Using the Topic filter, I was able to come across “The Indian” from Owl (May 1919) and “Give Him Room” from Poetry (May 1915). Joseph Crawhall’s painting speaks to the depictions of Native Americans which speak to depictions of Native Americans around World War I as well as the broader theme of nativism in modernist aesthetics. By espousing an allowance for experimentation, Harriet Monroe’s piece serves as an inherent justification for her later discussion of the aesthetics of Native American oral poetry. In spite of the difficulties identifying meaningful relations to other pieces, using the topic filter seems to be the most productive means to seek out connections, especially if the topic is under represented on the Interactive Timeline.
In filtering to all content from Poetry on the Interactive Timeline, the contents of Poetry seem to be solely focused on World War I throughout the war years, not only in the poetry but also the content of the advertisements.
Because of the specificity of the discourse that I was interested in researching today, the Interactive Timeline did not seem to be particularly useful. The primary drawback seems to be that there needs to have been pre-existing interest in the discourse in order for it to be a tool beneficial to an individual’s research agenda. Without any work done by others, the timeline becomes cumbersome in having to troll through all possible avenues rather than being a means to efficiently whittle down results.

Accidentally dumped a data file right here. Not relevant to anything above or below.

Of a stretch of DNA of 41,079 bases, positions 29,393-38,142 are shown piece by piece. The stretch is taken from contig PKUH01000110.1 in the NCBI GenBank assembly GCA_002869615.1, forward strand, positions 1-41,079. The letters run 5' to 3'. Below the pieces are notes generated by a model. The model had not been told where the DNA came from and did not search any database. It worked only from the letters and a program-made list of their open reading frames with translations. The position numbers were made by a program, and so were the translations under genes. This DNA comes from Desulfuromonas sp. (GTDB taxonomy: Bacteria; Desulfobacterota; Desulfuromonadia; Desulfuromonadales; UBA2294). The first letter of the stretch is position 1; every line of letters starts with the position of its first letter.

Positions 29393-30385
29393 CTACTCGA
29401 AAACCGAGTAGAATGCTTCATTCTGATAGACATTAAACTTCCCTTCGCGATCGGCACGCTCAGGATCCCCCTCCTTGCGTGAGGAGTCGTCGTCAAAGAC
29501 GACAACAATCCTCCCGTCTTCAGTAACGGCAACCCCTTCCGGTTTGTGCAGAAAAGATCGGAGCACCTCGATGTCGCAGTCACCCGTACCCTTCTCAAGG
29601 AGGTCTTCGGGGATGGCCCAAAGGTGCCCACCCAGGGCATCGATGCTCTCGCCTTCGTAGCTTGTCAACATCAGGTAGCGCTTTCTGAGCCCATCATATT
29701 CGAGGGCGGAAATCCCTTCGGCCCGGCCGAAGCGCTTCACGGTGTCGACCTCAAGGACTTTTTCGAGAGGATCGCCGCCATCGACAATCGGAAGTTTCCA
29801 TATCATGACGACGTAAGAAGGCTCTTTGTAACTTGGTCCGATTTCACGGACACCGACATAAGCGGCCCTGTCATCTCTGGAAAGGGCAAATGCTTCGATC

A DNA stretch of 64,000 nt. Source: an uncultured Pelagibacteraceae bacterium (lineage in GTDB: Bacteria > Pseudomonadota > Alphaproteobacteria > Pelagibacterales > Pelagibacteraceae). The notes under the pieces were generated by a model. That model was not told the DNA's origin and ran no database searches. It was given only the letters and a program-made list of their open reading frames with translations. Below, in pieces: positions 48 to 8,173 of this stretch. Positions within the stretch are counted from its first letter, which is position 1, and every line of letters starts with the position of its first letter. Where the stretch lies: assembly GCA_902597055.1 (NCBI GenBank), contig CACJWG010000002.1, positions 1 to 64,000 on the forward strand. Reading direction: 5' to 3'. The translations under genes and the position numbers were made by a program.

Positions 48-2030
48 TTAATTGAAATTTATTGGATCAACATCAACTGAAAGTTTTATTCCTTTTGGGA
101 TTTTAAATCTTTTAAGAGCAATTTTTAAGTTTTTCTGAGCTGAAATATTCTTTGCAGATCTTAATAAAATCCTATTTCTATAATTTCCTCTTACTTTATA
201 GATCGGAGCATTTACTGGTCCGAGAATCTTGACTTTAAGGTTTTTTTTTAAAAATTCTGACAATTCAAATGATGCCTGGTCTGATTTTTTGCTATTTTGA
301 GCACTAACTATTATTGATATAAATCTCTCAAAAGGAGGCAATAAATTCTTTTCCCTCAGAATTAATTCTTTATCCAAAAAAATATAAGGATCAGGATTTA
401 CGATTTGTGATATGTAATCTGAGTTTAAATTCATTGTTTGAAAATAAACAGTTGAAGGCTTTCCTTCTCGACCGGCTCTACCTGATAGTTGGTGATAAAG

Howard Unger's "We Who have Lost"
Wyndham Lewis's "The Ideal Giant"
Ezra Pound's "Mr Styrax"
Here is a link to a hypertext site that doesn't hurt my eyes. http://wasteland.windingway.org/poem I find it very useful and as said it doesn't hurt your eyes and gives you direct sources as hypertext sites hould. I've been referencing this site a lot for my paper, and for it's direct links to the works.
I'm sure people have already found this though but if not here it is!